Oct 15, 2019

On October 4th, 2019 the Medical Devices Coordination Group (MDCG) issued a guidance document on the validity of certificates issued under the (Active Implantable) Medical Devices Directive (AIMDD), following the Date of Application of the Medical Devices Regulation (EU) 2017/745 (MDR). These so-called “legacy devices” can be placed on the market until the certificate expires or until May 26, 2024, whichever comes first.

According to the new guidance, manufacturers can place legacy devices on the market under specific conditions, some of which are specified by MDCG. The Notified Body that issued the certificate must remain designated for the AIMDD and MDD for as long as it wants to keep up its surveillance activities. Member States must therefore keep monitoring these Notified Bodies for the Directives. Manufacturers must of course have an agreement with their AIMDD/MDD Notified Bodies to ensure ongoing surveillance activities. An important condition for this would of course be the Notified Body’s continuation of their activities.

Questions about Notified Body capacity for legacy medical devices

There are two issues that are not addressed in this guidance document:

  1. It is not clear if the current agreements with Turkey and Switzerland regarding the Directives will remain in place, even if no new agreements regarding the Regulations are reached. The guidance document does not address this point. For manufacturers currently relying on these seven Notified Bodies, this means uncertain times.
  2. But other manufacturers are also not safe. Currently there are 56 Notified Bodies designated for the MDD, while at the MDCG stakeholders meeting of September 30th, 2019 it was revealed that 39 of these current Notified Bodies also seek designation under the MDR. That means that the future CE Mark certifications for medical devices of 17 Notified Bodies is unclear. Seven of these entities are based in Turkey and Switzerland, but there are still 10 organizations of which it is far from certain whether they will remain available for surveillance activities for AIMDD and MDD certificates active after May 26, 2020. There is no information available about which Notified Bodies these would be, although it appears likely Notified Bodies designated for the MDR will also remain active for the Directives.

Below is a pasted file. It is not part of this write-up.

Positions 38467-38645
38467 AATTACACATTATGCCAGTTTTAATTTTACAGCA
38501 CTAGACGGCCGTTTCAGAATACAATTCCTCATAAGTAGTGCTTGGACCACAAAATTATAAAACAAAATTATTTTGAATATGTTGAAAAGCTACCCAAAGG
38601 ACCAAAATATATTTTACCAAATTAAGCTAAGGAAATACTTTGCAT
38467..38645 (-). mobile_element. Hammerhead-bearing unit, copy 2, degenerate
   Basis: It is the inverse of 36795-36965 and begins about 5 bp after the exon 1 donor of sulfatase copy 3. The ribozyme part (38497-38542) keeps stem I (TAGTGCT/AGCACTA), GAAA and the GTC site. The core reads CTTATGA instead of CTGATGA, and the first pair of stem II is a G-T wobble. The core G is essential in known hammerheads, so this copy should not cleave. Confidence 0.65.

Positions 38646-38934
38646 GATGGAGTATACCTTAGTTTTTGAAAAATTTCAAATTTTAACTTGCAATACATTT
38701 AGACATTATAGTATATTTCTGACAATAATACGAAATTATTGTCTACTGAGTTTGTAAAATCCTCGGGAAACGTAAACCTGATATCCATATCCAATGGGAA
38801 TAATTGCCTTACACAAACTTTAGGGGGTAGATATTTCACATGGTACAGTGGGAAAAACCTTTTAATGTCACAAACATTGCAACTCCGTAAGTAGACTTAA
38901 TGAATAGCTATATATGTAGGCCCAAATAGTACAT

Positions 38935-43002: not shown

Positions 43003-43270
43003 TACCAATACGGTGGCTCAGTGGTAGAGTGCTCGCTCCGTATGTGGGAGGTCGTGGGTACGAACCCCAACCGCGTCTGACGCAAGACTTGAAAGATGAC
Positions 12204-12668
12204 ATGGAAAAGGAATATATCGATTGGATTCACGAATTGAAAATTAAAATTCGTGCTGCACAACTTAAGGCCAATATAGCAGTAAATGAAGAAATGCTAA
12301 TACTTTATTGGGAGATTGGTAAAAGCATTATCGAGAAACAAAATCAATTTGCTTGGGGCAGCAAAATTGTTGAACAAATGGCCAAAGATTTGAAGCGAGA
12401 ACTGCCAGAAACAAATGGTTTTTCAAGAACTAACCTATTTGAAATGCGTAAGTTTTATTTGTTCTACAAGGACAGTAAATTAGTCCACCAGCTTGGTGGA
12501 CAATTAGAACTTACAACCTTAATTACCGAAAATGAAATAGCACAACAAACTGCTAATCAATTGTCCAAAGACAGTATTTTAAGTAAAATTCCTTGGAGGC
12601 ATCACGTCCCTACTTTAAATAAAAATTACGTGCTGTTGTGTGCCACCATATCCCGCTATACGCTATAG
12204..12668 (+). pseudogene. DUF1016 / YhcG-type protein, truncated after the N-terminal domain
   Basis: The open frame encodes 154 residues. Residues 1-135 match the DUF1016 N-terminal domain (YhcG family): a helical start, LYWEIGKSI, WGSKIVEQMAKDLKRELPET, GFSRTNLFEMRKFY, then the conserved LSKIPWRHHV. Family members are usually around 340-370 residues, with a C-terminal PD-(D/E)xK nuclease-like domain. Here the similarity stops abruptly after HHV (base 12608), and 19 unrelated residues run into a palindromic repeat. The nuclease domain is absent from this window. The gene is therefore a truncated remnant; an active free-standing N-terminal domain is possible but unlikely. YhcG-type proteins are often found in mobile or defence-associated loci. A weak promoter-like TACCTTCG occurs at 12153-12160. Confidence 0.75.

All this means that many companies cannot fully rely on the continuity of their certifications, unless they have already certified their devices under the MDR. It is recommended that manufacturers communicate well with their Notified Bodies, follow developments and prepare their legacy files for an early transition to the MDR.

Learn more about European MDR and Notified Body regulatory issues at Emergo by UL:

  • European MDR preparation and resource center
  • On-site EU MDR training for medical device manufacturers
  • Whitepaper: How to select or change your European Notified Body




  • Ronald Boumans